At 8:30 a.m. yesterday, a couple of dozen real estate brokers stood in an empty office in Largo eating mini-muffins as the landlord urged them to look beyond the worn carpet and imagine a bustling office or busy call center.

The breakfast was organized by the Prince George's County Economic Development Corp., which has been trying to build the county's commercial real estate market and reduce its vacancy rate by engaging regional real estate brokers in regular meetings.

Prince George's has one of the smallest commercial real estate markets in the Washington region, with 21.8 million square feet of office space in 548 buildings. About 10.9 percent of that space is vacant, according to a recent survey by CoStar Group Inc., which collects commercial real estate data. Fairfax and Montgomery counties both have twice as many office buildings, with 95.7 million and 61.4 million square feet, respectively, according to CoStar.

"The intent of the breakfasts is to foster a collective effort to get vacant space back into productive use as quickly as possible," said Kwasi G. Holman, president of the economic development corporation.

The office visited yesterday is owned by MTM Builder/Developer Inc., which was showing off 75,000 square feet recently vacated by Verizon Communications Inc.

"The floor pad is plug-and-play ready," Richard Flaherty, a senior vice president of MTM, told the group. "We hope you will keep us in mind for a call center or another general office use."

The county is rapidly building office space, and Holman sees it as a force that could drive the economy. In a survey of 2004 commercial real estate projects, the Metropolitan Washington Council of Governments found that Prince George's had more commercial real estate under construction than any jurisdiction except the District.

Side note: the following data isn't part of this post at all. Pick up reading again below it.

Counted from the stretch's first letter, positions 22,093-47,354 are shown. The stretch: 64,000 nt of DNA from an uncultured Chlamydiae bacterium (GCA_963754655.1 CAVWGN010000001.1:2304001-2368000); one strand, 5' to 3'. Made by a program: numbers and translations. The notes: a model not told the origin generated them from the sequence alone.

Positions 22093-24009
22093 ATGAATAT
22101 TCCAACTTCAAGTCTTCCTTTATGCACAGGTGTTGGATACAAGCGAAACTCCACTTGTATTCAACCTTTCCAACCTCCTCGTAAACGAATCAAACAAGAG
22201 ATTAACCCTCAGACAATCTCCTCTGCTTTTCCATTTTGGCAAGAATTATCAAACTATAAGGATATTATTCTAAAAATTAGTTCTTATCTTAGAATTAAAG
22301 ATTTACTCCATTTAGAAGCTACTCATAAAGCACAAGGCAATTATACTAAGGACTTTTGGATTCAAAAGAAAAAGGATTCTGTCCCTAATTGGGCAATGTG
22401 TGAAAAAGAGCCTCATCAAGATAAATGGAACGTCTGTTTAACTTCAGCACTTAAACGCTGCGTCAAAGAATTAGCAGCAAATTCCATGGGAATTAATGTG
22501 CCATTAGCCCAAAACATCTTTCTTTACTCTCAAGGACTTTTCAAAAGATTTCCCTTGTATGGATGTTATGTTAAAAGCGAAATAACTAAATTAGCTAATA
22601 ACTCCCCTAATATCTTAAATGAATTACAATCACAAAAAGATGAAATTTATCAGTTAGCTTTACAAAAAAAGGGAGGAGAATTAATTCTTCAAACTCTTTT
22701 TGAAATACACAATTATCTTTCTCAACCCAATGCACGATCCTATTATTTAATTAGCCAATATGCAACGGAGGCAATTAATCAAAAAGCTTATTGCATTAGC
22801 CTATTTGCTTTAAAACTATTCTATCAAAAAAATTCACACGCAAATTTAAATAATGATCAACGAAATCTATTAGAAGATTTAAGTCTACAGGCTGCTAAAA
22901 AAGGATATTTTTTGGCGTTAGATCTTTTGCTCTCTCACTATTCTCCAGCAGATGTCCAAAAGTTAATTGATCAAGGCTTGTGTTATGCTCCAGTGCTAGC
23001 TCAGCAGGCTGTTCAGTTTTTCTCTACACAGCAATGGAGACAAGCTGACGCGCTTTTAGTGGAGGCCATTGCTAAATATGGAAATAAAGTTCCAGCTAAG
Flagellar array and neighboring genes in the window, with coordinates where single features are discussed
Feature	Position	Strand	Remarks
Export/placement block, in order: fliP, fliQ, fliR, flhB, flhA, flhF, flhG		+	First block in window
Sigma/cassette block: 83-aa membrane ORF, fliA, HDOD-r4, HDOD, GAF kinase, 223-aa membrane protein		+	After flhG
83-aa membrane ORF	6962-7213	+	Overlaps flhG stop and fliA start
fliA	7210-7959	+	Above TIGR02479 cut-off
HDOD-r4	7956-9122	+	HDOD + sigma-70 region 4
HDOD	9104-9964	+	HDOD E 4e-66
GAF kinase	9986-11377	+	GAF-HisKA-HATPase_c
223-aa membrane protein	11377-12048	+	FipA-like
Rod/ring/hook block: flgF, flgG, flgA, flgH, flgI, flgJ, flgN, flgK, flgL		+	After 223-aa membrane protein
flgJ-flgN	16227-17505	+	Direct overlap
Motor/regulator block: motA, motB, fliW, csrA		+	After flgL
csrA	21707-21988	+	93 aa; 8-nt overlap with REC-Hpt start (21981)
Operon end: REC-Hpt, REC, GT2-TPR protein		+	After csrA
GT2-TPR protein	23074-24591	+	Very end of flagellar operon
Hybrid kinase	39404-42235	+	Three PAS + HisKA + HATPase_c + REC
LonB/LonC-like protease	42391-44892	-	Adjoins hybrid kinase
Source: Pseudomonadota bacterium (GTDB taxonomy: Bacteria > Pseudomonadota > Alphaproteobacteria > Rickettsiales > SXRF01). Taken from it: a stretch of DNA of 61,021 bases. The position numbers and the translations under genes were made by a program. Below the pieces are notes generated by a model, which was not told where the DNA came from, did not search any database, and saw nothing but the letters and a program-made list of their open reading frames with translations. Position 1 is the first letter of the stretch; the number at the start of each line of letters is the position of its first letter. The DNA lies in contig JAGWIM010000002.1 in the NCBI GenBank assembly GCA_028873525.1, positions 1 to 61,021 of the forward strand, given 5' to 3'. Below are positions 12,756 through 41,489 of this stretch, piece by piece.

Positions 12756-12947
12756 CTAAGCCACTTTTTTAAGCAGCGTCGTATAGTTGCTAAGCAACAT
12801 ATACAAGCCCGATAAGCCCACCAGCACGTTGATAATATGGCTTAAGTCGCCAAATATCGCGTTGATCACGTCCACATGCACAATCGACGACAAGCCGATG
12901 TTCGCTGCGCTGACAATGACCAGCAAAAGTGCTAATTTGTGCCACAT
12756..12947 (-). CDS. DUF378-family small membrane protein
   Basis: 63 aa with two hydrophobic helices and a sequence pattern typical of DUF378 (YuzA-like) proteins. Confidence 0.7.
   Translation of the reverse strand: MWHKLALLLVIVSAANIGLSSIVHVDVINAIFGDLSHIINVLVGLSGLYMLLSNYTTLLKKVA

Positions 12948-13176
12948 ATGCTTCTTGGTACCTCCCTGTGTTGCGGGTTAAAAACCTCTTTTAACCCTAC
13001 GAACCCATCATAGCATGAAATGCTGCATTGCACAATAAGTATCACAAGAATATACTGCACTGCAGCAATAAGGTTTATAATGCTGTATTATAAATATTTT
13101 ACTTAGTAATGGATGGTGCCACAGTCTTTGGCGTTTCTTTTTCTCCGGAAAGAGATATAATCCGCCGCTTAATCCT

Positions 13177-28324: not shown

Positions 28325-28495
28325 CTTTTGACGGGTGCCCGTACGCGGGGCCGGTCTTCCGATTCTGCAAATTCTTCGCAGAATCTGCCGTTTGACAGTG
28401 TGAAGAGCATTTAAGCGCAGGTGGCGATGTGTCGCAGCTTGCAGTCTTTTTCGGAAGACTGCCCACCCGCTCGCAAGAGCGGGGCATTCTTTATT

When Holman was appointed to his job a year and a half ago, he was unfamiliar with local brokers and decided to address that by co-hosting the monthly breakfasts with developers, beginning several months ago.

"I was concerned that I did not know enough of the commercial brokers," Holman said. "I was concerned that they were -- in some cases -- asking Prince George's business to move to other jurisdictions. I said, 'How can I meet these guys?' "

Yesterday, Holman told the group members that he was available to help them find space in the county or to navigate permit issues.

"What's your phone number," a broker shouted.

Others said the breakfast meetings are helping to change negative perceptions about the county. The Largo building is one of about a dozen in a clustered office complex near a Metro station and a two-year-old shopping center.

"We want brokers who don't normally think about the county to see the quality of the space and the location of the space," said Charles A. Dukes, a longtime dealer in county real estate and chairman of the Prince George's Economic Development Corp.

Karen Jackson Miller, a senior associate at Trammell Crow Co.'s Bethesda office, said that before she began to work in the county she heard only bad things. "Prince George's has a bad reputation -- I don't think it is deserved -- but it does. Problems with permitting, crime, there's no infrastructure," she said. "But, crime is only in some areas, and it has some of the best roads around."

Coming to broker breakfasts and visiting properties has helped her explain that to clients, she said.

Kwasi G. Holman hopes new office space will help boost Prince George's economy.